Review Summary: Just because it's free doesn't mean you're not allowed to complain
On the title track of Foxy Shazam's fifth LP, lead singer Eric Nally bemoans that 'Hero's are something only Dave Grohl sings about', expressing a brilliant sense of cynicism we have come to expect from these gaudy glam punks. The problem? Everything it's wrapped in isn't particularly good. The mixing job sounds flat, the guitars seem tapered where they should be recklessly jabbing and, especially for a record produced by Steve Albini, being propelled by a surprisingly placid rhythm section. The drums don't echo and smack with fury, the bass doesn't grind along and you'll be damned if it doesn't take you more than half-a-dozen listens to pick up the groove hidden inside. Commendably released though it may be, Gonzo
is hardly anything special.
It's sad too; 2012's The Church of Rock & Roll
was such an exciting and camp take on glam punk that, under the control of equally OTT Justin Hawkins, dripped with sexual fury and political humour. Now the band appear to have groomed themselves and ditched the overly glam image they originally pertained to- in the process, they forget that's their identity. On "Poem Pathetic" and "Brutal Truth", the band make it severely unclear as to what is they're trying to achieve. While one side sees a camp horn section start up and Nally exercise his lungs in the art of stupidity, the other sees a band trying too hard to control their over anxious state and instead crunch along with excessive accenting. It's uncomfortable (almost unbearable) to listen to.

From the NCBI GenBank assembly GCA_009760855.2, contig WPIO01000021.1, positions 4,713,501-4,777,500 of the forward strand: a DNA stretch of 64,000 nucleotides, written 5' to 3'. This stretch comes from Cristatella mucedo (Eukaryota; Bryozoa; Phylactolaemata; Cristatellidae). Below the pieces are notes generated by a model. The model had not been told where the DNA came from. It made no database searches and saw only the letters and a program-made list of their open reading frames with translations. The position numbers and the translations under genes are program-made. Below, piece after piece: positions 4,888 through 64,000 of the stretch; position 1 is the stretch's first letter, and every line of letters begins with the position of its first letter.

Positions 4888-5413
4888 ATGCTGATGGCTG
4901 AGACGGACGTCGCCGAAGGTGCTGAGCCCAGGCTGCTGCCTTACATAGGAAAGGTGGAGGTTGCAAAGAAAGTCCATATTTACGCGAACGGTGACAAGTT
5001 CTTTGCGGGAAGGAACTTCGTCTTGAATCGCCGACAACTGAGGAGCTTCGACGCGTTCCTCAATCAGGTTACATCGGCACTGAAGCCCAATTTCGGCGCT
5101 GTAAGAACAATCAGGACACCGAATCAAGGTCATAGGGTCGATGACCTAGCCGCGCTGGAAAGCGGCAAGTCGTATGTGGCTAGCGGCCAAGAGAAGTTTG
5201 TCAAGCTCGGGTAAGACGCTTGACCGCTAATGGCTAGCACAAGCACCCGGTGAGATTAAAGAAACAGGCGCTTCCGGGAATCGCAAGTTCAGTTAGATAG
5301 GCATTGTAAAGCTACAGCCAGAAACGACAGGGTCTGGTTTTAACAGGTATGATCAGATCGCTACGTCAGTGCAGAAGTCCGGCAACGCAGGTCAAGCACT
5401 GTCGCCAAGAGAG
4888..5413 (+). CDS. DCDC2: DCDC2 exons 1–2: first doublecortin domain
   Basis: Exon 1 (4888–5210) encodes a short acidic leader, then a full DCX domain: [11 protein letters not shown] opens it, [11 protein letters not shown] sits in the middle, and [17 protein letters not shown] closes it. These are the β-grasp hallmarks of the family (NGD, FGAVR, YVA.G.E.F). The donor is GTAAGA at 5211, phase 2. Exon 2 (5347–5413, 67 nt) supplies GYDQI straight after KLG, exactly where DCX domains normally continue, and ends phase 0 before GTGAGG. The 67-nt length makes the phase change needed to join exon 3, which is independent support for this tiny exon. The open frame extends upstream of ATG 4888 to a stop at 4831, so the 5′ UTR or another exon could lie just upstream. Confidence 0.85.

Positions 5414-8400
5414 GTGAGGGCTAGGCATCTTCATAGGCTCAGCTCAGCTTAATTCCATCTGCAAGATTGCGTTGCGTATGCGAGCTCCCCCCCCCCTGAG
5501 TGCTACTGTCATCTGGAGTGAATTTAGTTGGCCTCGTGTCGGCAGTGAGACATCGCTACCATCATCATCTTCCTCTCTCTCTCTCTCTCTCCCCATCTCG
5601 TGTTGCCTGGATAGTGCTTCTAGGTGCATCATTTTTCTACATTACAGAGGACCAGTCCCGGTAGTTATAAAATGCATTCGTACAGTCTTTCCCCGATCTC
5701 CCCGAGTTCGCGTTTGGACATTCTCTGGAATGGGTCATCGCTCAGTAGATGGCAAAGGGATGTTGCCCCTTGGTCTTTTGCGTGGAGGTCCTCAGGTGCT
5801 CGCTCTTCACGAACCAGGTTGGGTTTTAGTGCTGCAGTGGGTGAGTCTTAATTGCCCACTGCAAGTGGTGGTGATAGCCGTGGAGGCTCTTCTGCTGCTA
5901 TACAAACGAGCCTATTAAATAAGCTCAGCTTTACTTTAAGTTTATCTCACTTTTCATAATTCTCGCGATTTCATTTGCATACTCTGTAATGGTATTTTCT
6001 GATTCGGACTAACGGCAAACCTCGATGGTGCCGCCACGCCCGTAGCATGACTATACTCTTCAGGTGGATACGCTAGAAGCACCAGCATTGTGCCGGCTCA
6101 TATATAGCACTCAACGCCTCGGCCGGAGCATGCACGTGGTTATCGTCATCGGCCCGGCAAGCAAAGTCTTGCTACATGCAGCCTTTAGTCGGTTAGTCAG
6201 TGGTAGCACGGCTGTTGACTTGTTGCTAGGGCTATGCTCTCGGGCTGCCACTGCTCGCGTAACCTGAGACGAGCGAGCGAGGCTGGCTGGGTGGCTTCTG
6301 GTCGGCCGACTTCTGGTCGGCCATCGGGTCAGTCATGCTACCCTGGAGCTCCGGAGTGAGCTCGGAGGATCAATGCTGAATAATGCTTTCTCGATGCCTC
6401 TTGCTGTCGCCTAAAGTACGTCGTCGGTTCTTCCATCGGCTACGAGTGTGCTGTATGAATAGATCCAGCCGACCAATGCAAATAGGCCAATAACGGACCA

Overall though, what's most depressing about this is the production job- for the most part, it both disappoints and detracts from the experience. Some tracks such as "Tragic Thrill", "Have the Fun" and "Don't Give In" suggest brilliance but rarely touch it. The matter of the fact is Steve Albini's mixing job is so unbelievably rudimentary that it makes the album appear to be undercooked demoes. It's difficult to make out that
iconic Albini sound within, but he's hardly to blame. With a band known for their OTT sense of fiasco, attempting to be a dressed down indie glam act is nothing but a bad move. Motifs are questionable and the proof is in the pudding, this carries absolutely none
of the excitement of their previous records.
It leads to a barrage of questions; Where's the iconic sense of European comedy? Where's Steve Albini's punishing mixing job? Where is all the raw excitement that comes from the medium and released method? Unfortunately (disappointingly, moreover), it's nowhere to be found.